SEATTLE — Leaders of Sound Transit made clear Thursday they have no plans to sell off bonds or reduce a motor vehicle tax as sought by the voter-approved Initiative 976.
They will be keeping close watch on a legal challenge of the ballot measure before considering how to deal with a significant reduction of revenues if that fight fails.
John Marchione, mayor of Redmond and chairman of the Sound Transit board, told a crowded meeting at the agency’s Union Station headquarters that it will not be taking any actions until the outcome of litigation is clear. Opponents of the measure think it is unconstitutional and have sued. On Tuesday, they’ll ask a King County Superior Court judge to issue an injunction preventing it from taking effect Dec. 5.
While Initiative 976 is passing statewide, it is being rejected by 53% of voters in the Sound Transit taxing district, according to figures presented to the board Thursday. That mirrors the 54% which approved the Sound Transit expansion plan known as ST3 in 2016.
“For the second time in just three years, the district voters who actually pay Sound Transit’s motor vehicle excise tax have endorsed its continuation to finance the transit expansions our region so desperately needs,” Marchione said in a statement issued after the meeting.
Statewide the measure was passing with 53% of the vote. In Snohomish County, it enjoys 58% support. And within Sound Transit’s boundaries in the county, it is passing in every city except Edmonds.
I-976 limits the annual vehicle registration fee for most passenger vehicles to $30. It axes most weight fees and slashes the electric vehicle fee, now at $150, to $30. A new $75 charge for hybrid and electric vehicles will remain in place. It is not affected because it was only recently enacted. That money pays for new charging stations. Also, four service and filing fees totaling $13.25 will continue to be tacked onto annual registration bills.
The measure doesn’t repeal MVET collected by Sound Transit until bonds are repaid and no longer outstanding, said Desmond Brown, counsel for the transit agency. And the rate will remain the same until bonds are retired, he said.
The city of Seattle and King County are taking the lead in the lawsuit challenging the constitutionality of the measure. Several associations, including the Washington State Transit Association, whose members include Sound Transit and the Association of Washington Cities, which includes many Snohomish County cities, have joined on.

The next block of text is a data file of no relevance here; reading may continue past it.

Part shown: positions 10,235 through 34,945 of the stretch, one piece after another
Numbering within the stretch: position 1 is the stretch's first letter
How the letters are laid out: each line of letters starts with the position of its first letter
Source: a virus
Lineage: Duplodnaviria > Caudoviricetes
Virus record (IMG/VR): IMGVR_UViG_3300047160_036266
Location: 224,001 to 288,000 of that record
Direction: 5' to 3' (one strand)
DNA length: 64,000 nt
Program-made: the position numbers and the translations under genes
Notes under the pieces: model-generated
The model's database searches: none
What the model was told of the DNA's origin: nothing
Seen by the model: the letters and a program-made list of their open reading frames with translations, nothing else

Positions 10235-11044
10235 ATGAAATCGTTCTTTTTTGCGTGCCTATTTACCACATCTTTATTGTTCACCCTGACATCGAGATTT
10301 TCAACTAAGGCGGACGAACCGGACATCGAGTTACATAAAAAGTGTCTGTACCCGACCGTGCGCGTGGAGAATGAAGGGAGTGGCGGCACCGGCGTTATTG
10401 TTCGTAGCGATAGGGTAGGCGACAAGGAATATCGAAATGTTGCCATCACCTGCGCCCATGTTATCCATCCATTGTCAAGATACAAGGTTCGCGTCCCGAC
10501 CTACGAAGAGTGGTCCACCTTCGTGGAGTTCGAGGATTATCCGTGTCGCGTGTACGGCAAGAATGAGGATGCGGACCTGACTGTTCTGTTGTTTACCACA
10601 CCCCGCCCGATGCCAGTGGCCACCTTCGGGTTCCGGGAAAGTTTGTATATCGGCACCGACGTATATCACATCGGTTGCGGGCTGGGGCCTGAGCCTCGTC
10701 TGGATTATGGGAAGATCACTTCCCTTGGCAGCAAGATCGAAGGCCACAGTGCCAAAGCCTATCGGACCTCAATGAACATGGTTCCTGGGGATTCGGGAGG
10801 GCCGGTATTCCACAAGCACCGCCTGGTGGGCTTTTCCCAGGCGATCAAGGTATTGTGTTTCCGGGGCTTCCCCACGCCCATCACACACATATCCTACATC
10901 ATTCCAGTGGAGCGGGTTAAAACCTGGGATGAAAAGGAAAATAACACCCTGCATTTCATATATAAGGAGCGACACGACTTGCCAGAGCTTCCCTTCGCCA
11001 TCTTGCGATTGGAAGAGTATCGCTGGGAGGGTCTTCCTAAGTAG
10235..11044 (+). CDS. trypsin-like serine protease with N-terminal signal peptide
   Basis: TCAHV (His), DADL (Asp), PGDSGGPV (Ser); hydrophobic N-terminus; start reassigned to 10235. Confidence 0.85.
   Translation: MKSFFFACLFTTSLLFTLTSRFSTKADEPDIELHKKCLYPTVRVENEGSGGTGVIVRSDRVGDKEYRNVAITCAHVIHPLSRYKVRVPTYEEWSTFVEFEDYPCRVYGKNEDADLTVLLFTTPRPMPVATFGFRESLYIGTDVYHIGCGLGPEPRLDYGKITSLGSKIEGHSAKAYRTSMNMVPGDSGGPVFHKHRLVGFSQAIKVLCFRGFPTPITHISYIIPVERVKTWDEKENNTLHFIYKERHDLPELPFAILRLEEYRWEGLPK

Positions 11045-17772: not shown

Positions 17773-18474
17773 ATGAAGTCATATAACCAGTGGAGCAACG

Sound Transit plans on watching the legal fight closely. If the measure is found to be constitutional, the agency will likely challenge the measure’s obligation to retire outstanding bonds, Brown said.
In a presentation to directors, Sound Transit staff offered a stark picture of what could happen if all outstanding bonds were retired and MVET and rental car taxes were eliminated.
They forecast a loss of $7.2 billion through 2041, resulting in cancelation or delay of projects and reductions in service. The greatest impacts would fall on ST3 projects, including the extension to Everett, agency staff said.
Stopping projects already under way, like the Lynnwood Link extension, would not be recommended even if revenues decline, said Peter Rogoff, the Sound Transit CEO.
“The frustration at the end of the line is palpable,” said Bruce Dammeier, Pierce County executive and a board member, “The perception that people are paying a high car tab based on an inflated or inaccurate value of their car absolutely exacerbated this problem.”
During a public comment period, I-976 sponsor Tim Eyman said the election sent a very clear message.
“It was an overwhelming repudiation of Sound Transit,” he said.
Meanwhile, in Olympia, lawmakers are facing a projected $478.1 million hole in the current state transportation budget as a result of the initiative.
Of the total, $356 million will be siphoned away from a single fund, the Multimodal Account, which is a source of dollars for public transportation systems, rail projects and grant programs for cities and counties. This account also provides $60 million to Washington State Ferries for operations and vessel preservation.
Revenue will be reduced in eight other accounts, including ones for the Washington State Patrol and transportation packages approved by lawmakers in 2003, 2005 and 2015.
The Senate Transportation Committee held a work session Wednesday on the scope of the challenge. A similar conversation took place Thursday in the House Transportation Committee.
“We are burdened with a very complex problem,” said Sen. Steve Hobbs, D-Lake Stevens, chairman of the Senate panel. “Our job is to balance the budget and that is what we’re going to do.”
“It is my intention to do the cuts regardless of what happens because you don’t know what will happen,” Hobbs said. “We passed a transportation budget that was pretty fiscally responsible. I know we can do this in a bipartisan manner.”